growing winter wheat

Direct seeding into standing stubble is important for winter wheat production. Standing stubble helps to trap snow that insulates crown tissue from cold winter temperatures. Snow cover ensures the soil temperature at the crown (1/2 to 1 inch deep) stays well above killing temperatures, even with air temperatures at -40°C. Optimally for winter survival, stubble needs to hold four inches or more of snow. This amount of snow will prevent soil temperatures from dropping to lethal temperature.

Snow trapped in the stubble not only reduces the risk of winterkill but also improves soil moisture reserves in the spring.

Tall, dense stubble provides optimal snow trapping capability. Canola, barley, oat, flax, or the stubble of a forage crop all consistently provide this type of stubble. Wheat stubble also provides tall dense stubble but is not recommended due to the potential risk for wheat streak mosaic virus. This disease may develop from a “green bridge” created when a previous cereal crop and the emerging winter crop are too close together, allowing the movement and survival of the disease vectoring mites. At least seven to ten days between the dry-down of spring cereal crops and the emergence of winter wheat is necessary to prevent problems with the disease, as the wheat curl mite needs a live cereal plant for a host at all times. Radiant is currently the only winter wheat variety resistant to the wheat curl mite. Crops that do not provide tall dense stubble such as field pea and lentil are not recommended. However, many winter wheat growers seed into these stubbles with an increased risk of winterkill.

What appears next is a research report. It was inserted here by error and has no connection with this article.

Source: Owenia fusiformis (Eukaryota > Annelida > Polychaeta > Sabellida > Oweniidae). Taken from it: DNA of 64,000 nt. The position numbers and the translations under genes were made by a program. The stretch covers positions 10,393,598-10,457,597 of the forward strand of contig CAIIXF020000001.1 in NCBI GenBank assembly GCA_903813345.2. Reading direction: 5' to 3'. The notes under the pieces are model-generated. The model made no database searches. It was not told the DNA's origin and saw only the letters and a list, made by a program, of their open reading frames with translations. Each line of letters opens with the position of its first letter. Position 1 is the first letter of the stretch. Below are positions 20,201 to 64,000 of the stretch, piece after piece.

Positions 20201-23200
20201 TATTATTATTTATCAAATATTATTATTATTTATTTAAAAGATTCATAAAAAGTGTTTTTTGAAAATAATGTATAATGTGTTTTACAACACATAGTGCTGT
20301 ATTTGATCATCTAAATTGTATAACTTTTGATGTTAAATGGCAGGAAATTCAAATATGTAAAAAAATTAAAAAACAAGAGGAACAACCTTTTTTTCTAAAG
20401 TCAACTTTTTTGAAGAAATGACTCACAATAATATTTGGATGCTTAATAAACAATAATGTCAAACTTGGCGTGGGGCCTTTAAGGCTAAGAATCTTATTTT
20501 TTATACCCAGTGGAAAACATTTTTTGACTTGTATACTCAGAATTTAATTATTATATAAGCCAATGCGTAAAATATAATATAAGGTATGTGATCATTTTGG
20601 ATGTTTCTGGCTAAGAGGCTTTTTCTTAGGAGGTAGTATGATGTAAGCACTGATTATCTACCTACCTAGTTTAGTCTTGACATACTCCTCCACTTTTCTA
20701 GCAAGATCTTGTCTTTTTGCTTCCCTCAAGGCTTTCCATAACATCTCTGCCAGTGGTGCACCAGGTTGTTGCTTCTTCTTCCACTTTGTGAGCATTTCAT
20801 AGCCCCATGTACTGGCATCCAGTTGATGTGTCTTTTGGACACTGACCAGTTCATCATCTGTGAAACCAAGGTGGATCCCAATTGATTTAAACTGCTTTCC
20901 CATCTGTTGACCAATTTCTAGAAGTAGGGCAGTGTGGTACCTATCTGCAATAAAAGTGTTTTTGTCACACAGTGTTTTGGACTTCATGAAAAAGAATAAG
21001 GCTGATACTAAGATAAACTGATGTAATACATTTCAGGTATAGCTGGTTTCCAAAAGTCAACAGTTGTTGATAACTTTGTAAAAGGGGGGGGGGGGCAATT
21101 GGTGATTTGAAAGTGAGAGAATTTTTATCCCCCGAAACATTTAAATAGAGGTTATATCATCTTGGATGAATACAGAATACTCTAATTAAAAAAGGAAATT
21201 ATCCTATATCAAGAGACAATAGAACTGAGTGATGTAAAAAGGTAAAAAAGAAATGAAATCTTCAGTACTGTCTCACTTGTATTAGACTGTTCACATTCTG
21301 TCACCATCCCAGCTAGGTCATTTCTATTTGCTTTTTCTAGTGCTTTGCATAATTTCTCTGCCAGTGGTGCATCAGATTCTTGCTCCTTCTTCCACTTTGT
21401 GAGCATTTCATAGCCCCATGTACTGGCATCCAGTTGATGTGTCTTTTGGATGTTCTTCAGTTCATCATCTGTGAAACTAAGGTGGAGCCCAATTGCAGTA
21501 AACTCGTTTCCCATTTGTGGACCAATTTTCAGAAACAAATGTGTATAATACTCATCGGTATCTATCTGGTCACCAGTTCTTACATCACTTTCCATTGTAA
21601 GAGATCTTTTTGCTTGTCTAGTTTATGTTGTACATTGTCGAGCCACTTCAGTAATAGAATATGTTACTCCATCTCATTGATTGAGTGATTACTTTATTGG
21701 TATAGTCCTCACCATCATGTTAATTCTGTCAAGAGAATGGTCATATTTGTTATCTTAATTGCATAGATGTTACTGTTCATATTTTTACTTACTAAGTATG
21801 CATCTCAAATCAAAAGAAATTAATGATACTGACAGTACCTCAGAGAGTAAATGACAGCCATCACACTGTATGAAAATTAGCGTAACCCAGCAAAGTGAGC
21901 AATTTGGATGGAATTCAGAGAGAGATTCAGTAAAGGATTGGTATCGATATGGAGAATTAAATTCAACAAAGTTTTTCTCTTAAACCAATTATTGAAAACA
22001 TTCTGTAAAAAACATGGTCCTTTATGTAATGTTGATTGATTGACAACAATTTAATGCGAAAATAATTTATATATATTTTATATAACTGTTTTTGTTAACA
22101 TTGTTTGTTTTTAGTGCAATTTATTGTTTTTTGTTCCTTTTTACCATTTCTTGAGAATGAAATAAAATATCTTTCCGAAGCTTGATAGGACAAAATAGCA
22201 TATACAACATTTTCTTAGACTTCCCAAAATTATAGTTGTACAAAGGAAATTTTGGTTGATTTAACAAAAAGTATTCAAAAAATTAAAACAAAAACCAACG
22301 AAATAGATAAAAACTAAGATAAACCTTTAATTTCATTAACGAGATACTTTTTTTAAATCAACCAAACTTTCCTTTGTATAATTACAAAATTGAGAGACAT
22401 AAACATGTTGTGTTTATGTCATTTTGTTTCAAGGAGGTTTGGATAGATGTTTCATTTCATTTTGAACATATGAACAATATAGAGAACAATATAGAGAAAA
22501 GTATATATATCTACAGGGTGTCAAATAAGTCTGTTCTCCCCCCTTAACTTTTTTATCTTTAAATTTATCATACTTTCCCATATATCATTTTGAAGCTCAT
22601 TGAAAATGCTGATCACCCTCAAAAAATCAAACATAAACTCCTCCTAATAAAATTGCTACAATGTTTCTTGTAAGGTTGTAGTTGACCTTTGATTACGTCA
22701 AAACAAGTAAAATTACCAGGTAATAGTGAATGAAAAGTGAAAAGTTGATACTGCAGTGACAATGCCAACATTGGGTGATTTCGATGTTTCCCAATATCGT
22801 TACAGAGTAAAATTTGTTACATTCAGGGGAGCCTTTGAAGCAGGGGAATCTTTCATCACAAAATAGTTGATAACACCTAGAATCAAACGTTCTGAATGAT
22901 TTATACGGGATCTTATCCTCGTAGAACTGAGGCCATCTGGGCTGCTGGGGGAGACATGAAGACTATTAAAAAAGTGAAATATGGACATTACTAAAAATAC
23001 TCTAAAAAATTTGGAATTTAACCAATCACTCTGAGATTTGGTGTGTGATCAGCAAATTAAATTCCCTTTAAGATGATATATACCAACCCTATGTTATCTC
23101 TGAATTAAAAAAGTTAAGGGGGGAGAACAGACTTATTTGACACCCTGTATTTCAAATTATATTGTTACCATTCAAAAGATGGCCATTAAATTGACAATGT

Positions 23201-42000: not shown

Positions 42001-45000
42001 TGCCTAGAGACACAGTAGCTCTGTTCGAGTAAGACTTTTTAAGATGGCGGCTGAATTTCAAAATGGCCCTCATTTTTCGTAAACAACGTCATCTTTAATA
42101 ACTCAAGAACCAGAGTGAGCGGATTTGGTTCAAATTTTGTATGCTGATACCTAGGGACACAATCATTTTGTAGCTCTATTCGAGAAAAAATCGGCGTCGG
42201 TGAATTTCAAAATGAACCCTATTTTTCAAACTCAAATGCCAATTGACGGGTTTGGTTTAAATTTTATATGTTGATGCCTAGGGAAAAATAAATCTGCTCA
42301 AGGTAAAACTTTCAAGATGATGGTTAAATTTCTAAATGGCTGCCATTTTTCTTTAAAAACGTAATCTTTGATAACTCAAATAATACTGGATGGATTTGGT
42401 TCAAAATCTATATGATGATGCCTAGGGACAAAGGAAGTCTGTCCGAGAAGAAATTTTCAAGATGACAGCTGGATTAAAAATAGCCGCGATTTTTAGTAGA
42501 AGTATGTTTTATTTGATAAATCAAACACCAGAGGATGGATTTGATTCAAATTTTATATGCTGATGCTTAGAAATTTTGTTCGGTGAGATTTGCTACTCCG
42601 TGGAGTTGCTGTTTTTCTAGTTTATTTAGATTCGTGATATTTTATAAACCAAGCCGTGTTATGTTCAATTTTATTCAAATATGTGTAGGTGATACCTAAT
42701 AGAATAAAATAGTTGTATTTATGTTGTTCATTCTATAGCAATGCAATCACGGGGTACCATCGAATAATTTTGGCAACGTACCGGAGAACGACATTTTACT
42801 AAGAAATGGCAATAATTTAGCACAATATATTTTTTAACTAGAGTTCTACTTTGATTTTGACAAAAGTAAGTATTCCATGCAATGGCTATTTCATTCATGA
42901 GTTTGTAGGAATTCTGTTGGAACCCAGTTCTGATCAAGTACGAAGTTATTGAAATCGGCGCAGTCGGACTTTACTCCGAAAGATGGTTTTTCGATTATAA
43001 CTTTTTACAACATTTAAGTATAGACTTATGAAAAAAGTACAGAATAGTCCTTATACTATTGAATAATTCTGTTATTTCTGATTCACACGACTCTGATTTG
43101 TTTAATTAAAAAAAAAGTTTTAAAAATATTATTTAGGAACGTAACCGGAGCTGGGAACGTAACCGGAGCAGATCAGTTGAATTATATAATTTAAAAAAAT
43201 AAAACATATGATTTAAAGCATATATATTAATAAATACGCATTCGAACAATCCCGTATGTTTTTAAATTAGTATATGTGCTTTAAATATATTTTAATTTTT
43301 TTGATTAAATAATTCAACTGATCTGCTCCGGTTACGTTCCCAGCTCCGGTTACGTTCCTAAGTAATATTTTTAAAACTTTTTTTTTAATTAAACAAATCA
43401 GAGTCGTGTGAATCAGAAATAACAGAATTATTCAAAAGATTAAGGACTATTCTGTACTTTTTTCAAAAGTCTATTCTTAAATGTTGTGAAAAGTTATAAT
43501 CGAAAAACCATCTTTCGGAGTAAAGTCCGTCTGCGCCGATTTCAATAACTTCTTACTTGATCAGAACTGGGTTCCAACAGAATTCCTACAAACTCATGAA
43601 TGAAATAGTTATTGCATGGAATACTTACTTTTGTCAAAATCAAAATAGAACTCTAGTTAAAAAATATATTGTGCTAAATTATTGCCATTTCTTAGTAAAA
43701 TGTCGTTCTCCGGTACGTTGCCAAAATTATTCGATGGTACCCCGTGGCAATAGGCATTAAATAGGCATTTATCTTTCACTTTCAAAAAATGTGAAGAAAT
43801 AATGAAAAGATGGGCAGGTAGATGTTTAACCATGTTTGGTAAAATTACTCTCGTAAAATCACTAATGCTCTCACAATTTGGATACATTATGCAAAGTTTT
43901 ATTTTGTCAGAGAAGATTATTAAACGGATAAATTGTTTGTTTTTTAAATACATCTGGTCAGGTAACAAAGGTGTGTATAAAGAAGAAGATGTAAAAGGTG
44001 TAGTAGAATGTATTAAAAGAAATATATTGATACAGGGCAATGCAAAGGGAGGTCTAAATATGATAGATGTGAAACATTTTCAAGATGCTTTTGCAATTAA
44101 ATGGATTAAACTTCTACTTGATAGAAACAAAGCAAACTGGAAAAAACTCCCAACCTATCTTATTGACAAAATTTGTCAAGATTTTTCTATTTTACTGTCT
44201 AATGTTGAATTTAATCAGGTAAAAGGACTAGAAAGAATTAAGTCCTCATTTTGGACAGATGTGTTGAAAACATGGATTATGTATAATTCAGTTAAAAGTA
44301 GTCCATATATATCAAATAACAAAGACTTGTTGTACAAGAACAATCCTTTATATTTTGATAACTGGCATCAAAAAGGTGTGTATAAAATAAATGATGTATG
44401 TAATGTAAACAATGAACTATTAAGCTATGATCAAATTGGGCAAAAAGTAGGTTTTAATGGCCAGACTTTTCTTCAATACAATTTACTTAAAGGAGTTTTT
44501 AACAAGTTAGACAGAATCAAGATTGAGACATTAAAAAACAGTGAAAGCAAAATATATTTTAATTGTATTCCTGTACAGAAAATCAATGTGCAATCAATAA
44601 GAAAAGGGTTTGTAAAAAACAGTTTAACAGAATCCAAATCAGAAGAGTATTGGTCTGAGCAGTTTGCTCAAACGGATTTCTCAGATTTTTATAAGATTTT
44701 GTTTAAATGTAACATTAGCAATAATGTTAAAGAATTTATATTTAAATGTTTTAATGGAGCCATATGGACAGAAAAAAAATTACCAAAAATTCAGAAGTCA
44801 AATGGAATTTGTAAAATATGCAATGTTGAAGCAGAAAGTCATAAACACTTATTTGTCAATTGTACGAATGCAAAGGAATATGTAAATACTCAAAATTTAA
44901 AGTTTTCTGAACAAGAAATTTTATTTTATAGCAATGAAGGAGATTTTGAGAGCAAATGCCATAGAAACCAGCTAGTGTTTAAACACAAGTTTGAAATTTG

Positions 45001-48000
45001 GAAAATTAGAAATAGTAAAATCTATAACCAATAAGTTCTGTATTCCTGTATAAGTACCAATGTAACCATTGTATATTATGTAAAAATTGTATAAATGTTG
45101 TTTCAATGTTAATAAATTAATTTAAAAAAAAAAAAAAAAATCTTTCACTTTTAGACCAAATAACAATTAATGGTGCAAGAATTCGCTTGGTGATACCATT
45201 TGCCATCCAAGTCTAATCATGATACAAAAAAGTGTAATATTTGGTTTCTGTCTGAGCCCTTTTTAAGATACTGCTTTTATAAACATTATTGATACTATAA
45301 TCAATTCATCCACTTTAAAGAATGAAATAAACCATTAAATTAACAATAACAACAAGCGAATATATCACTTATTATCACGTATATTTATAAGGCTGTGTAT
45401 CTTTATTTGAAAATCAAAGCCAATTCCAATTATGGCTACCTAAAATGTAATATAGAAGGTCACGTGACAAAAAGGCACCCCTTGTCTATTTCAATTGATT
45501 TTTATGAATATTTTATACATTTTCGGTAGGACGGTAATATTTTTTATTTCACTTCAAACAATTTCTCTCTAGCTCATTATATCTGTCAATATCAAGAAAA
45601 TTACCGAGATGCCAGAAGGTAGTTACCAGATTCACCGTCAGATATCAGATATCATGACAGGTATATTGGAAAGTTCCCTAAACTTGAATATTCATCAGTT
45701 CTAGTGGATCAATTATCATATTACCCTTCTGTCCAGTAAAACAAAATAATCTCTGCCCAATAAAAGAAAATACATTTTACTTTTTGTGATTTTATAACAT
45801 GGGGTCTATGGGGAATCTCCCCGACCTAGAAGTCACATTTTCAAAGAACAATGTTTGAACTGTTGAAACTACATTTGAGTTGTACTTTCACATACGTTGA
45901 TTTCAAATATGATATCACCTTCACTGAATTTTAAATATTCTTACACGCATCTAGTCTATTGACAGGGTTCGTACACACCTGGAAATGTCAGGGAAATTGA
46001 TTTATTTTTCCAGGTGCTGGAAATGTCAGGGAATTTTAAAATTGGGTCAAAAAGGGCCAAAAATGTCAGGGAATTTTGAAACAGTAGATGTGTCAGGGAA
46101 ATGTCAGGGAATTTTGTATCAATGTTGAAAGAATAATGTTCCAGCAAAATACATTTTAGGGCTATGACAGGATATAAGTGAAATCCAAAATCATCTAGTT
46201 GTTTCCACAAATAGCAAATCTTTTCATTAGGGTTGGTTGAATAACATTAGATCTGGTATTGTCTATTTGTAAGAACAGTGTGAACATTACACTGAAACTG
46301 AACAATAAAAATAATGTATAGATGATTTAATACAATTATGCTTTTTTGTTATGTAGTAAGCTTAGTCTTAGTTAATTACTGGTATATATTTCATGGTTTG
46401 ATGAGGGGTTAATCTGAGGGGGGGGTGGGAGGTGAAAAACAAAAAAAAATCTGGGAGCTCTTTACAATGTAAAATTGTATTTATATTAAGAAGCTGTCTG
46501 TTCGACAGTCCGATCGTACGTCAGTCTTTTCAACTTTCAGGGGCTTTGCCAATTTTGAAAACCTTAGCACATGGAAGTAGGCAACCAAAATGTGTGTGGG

Harvest management of the previous crop including cutting height and straw/chaff spreading also plays a role. Producers should strive to minimize stubble disturbance during harvest and subsequent seeding operations.